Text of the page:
The first problem is that you typically need to send your metals to the metal recyclers without any down payment. You’ll need to insure this package and require a signature to provide evidence that it was received if you don’t get paid for your metals.

The second issue is that many mail-in programs offer a fraction of the spot price value for your metals. Some programs that have advertised nationally in the United States have offered as little as 15% of spot price value with their payment. Because you have to send the metals in first before you receive compensation, there’s no real way to reject a low offer.

The final issue is that there is always a risk that your metals could get lost, stolen, or destroyed in transit. The insured value can help you get some cash back in this circumstance, but without insurance, you could be out your scrap metals and any profits.

#5. Copper is coveted.

For scrap metal in the United States, nothing is more coveted than copper. It brings in the highest resale value when it is bright and in tubing or wiring form. Because of this high demand, it is possible to negotiate the premium that is placed on the sale. Copper is governed by a spot price, but a percentage of the amount goes to the scrap yard so they can make money too. This is the percentage that you can negotiate.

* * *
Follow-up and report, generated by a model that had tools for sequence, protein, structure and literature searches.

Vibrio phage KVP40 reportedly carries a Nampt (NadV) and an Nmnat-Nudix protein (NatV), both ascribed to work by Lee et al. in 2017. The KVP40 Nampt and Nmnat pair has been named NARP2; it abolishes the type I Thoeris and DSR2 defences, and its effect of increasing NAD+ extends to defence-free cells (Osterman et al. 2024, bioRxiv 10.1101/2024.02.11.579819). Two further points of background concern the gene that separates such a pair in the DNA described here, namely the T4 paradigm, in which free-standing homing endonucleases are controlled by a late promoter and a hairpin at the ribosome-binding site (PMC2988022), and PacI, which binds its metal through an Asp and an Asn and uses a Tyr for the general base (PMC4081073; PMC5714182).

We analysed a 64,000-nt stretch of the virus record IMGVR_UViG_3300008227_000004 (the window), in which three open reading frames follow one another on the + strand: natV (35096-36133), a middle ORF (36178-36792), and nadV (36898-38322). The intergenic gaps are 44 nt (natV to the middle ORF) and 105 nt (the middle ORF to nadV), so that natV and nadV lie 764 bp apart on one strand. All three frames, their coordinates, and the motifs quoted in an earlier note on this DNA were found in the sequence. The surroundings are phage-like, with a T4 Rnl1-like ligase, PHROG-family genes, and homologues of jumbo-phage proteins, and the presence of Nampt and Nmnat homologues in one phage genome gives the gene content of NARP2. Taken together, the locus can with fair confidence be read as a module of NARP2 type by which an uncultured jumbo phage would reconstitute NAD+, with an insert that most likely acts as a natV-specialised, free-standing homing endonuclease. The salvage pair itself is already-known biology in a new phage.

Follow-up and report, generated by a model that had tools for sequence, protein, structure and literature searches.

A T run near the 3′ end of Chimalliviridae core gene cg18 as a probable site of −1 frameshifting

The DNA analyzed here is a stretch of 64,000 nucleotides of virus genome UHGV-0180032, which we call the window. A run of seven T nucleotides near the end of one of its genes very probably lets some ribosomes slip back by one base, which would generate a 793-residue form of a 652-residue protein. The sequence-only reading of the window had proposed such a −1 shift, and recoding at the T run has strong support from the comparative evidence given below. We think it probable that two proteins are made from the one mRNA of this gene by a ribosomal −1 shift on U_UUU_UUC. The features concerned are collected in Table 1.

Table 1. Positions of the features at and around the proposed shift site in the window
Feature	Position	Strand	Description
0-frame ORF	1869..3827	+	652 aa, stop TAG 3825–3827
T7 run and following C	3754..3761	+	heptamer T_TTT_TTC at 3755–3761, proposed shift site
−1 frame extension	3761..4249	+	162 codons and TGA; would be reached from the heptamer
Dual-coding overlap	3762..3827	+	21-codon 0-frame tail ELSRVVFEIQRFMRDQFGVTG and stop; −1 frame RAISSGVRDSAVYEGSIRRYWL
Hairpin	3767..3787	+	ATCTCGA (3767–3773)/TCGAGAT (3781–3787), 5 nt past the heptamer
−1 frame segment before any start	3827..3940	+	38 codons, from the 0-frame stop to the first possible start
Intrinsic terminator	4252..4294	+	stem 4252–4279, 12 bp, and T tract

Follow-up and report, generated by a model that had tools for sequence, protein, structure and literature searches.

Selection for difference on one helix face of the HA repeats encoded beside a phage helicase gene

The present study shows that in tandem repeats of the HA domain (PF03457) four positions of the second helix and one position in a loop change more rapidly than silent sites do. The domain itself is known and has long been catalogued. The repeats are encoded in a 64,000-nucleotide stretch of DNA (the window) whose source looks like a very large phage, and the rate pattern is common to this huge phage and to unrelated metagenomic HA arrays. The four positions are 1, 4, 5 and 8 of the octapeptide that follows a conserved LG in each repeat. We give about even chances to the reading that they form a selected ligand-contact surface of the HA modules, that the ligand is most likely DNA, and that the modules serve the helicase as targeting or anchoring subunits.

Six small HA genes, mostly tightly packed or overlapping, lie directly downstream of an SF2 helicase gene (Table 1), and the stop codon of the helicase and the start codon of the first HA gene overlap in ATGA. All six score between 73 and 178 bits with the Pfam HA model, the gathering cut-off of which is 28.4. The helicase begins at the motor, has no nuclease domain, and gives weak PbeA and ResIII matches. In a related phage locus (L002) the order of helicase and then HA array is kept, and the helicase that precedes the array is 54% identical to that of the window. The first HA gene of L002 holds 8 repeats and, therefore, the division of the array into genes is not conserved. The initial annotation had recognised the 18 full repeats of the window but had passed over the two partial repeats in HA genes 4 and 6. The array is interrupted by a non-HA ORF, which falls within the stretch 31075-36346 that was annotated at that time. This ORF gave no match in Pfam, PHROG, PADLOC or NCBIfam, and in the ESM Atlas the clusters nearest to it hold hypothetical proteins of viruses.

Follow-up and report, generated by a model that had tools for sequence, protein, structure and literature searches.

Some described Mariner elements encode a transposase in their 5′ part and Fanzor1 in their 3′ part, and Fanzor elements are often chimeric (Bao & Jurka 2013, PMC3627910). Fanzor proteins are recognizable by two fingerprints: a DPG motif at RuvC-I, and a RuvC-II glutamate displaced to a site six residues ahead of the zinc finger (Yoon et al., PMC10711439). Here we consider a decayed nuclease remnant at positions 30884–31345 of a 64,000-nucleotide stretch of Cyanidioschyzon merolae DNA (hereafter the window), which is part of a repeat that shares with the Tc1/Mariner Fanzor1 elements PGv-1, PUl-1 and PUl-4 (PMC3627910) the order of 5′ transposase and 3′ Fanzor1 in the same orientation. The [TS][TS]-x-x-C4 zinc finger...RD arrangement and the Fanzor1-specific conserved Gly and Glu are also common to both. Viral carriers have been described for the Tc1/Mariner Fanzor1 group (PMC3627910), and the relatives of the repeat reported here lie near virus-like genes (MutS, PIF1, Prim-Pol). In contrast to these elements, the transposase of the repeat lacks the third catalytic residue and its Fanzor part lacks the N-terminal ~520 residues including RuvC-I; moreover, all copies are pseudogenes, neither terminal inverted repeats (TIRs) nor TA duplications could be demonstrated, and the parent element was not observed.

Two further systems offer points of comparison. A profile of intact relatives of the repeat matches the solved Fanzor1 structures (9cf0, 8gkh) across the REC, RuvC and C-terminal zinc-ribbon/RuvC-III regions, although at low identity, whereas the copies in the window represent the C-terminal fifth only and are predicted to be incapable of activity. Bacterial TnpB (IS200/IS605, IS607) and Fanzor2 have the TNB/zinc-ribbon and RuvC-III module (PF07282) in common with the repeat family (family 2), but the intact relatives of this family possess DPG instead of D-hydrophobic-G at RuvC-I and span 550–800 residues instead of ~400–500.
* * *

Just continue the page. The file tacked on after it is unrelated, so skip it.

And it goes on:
If a metal scrap yard doesn’t want to negotiate with you, then you may wish to look for a different yard within your area.

#6. You may be required to provide a biometric identification.  

This is a fancy way to say that some state laws require you to be fingerprinted if you’re selling scrap metals. If this is the case, you’ll see a fingerprint scanner at the checkout scales after you deliver your metals. Depending on the setup of the scrap yard, you may then either receive a cash payment then or be given a ticket where you can turn it in at a cashier or cash distribution machine.

#7. Some retail locations will take your scrap metal.

10 states and 1 territory in the US have container deposit laws. Some of them cover all glass, plastic, and aluminum containers. Others may just require aluminum cans to carry the deposit. When you’re finished using the container, they must be returned to a redemption center. When this happens, you get the deposit paid in advance returned to you. Most deposits range from $0.05 to $0.10 per container. That means you’ll pay an extra $0.60-$1.20 on your preferred 12 pack of carbonated beverages.

It also means that there is an incentive to pick up containers that are loose in your community. With every container worth at least a nickel, you can make a lot more money than most aluminum can bulk rates. In Iowa and other nickel container states, it takes 30 cans to make up one pound which would be worth about $0.36 at the scrap yard. By turning them in for the deposit, you could make $1.50. At a $0.10 deposit, you’d receive $3.

Knowing where to sell scrap metal can help you get the best rates that are available in your community. Collect your scrap metal today, sell it, and pocket the cash.

Run a Scrap Yard? Advertise Here!